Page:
Artists' Lofts

The Elder Street Artist Lofts sold itself as a place for artists to live and work. So where are all the artists?

No one knows for sure when the first Paleolithic cave-dweller stuck a mammoth tail in crushed-up berries and began painting stick figures on the wall of his rocky abode, but you can bet the market value of the neighboring caves instantly went up.

Nothing gentrifies a neighborhood, for better or worse, like the addition of a group of freewheelin' artists. Just ask the longtime residents of Houston's historically black Acres Homes, who've seen their property values begin creeping up with the arrival of local bohos such as Paul Kittelson, Terrell James and The Art Guys. Just ask anyone who used to live in New York's Greenwich Village but who had to move to Williamsburg. Or anyone who used to live in Williamsburg but had to move to Greenpoint.

Want to inject a little life into your urban blight? Bring in a bunch of artists.

Built in 1924...
The City Book of Houston
Built in 1924...
...the Jefferson Davis Hospital was in a sorry state by the 1990s.
Wayne Lorentz
...the Jefferson Davis Hospital was in a sorry state by the 1990s.

Such was the reasoning of activists in the First Ward when they banded together in 2000 with the local Avenue Community Development Corporation to try to buy the old Jefferson Davis Hospital, a decrepit, red-brick landmark peeking its head above the Pierce Elevated.

"We really wanted to see that building be saved and be put back into a productive use for the community," says Mary Lawler, director of Avenue CDC.

The organization couldn't do it alone, so Lawler and company brought in ArtSpace Projects, a nationally recognized nonprofit from Minneapolis that specializes in taking historic buildings and turning them into affordable living spaces for artists.

Deals were struck. Tax breaks granted. Moneys raised. Jeff Davis Hospital was to become Elder Street Artist Lofts.

When the $6.3 million project was completed in 2005, just in time to house several Katrina evacuees, it was heralded by local and national media. The Houston Press gave the building Best Renovation in our 2006 Best of Houston® issue. HGTV handed over a Restore America award.

And it was one helluva restoration.

But it's not one helluva artist community, according to several current and former tenants. The environment is oppressive, they say, and fraught with favoritism. There are too many nonartists in the building's 34 units, they say, and ArtSpace and Avenue CDC don't really seem to care.

"To me it's not an artist loft anymore," says one resident who's been there since the beginning. "We receive the newsletters from ArtSpace in Minneapolis and we see the artist live-work spaces that are opening up in Buffalo, New York and in San Francisco and other parts of the country, and they're active and they're artist-run and they've got the support of the city, they've got the support of the community and they're vibrant. And we're not on that level, and I don't know if we ever will be."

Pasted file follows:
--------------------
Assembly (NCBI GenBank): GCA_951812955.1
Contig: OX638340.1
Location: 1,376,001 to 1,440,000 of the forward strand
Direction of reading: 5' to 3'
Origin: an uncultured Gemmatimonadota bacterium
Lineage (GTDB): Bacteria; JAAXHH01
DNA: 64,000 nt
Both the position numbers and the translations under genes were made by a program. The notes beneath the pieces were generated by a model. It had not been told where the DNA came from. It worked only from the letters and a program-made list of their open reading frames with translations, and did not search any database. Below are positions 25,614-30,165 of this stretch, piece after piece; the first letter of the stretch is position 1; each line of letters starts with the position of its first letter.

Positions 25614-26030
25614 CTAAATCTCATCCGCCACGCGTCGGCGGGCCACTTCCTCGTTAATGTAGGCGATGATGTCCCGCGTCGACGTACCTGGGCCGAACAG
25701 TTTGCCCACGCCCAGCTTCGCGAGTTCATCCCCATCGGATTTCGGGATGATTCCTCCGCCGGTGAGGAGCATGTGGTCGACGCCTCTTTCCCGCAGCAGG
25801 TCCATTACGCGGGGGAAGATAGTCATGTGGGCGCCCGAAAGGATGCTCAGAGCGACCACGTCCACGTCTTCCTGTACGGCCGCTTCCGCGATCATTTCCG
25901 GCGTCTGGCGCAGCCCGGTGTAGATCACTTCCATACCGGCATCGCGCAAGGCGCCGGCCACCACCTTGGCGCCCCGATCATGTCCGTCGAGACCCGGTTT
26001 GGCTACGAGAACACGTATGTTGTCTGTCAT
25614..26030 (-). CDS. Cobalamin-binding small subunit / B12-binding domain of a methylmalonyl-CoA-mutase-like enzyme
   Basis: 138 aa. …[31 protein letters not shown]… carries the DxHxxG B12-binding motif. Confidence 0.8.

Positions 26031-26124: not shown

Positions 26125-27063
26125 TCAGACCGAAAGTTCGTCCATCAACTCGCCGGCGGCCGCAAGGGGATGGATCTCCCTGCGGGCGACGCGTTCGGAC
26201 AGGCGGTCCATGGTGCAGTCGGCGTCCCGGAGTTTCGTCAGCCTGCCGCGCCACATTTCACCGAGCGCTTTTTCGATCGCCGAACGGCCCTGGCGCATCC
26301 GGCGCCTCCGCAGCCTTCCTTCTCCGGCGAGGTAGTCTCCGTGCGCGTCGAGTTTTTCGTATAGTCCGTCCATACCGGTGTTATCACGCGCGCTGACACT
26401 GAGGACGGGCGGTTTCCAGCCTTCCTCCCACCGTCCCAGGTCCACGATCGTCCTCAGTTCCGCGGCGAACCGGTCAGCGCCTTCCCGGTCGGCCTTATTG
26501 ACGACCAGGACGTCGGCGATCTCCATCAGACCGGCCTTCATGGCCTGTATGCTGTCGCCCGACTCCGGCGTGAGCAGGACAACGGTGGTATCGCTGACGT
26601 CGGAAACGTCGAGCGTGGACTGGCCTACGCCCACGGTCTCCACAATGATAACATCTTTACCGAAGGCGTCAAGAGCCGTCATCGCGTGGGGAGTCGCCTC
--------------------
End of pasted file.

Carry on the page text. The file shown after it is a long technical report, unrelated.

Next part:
Local artist Cecelia Johnson says she always loved the old Jeff Davis building, its crumbling cupola, its red bricks, its ghostly history. "We used to go there on Halloween and hang out with the security guard back before it was renovated," she says. "And me and my friend were driving around, actually looking for a place to live at the time, and we decided to go look at the building, not as a place to live, but just to go see it. We were just really surprised to see someone had gone in and renovated it, and it said ‘Elder Street Artist Lofts' and I was, like, ‘This is too good to be true.'"

She walked in, had a look around and by the end of the day had already handed over a check, she says. It was a giant leap toward establishing her independence.

Johnson has multiple sclerosis. For her the disease is more than an excuse to ride a bike to Austin. She lives with it every day. It affects her entire nervous system, often making difficult the most quotidian of tasks. But it doesn't stop her from taking highly stylized, often eroticized photos and creating dark, character-driven paintings. And it didn't stop her from being overjoyed at the thought of moving into an artist community.

The joy didn't last long.

One night there was a party up on the second floor, she says. "There was beer, and it smelt horrible, and someone had pissed everywhere. It was absolutely horrible, the smell." She and a few other residents started cleaning up the hallway late that night, she says, not wanting to rile the management. And when Johnson thought she'd found out who had thrown the party, she knocked on the door and asked for help. The door was shut in her face and the next morning she got a call, she says, from Aaron Reece, regional manager for Alpha Barnes, the company contracted by ArtSpace to run the place, who also lived in the building.

The manager wanted her to stop harassing the other tenants, she says. "It was absolutely horrible and horrifying and I was in tears."

But that was just the beginning.

A committee was formed to decide what art would be hung on the walls, but Reece soon shut it down. "They never would let us show our art," she says. "Because Aaron, even though he made me chair of the committee, he told me everything had to be approved by him."

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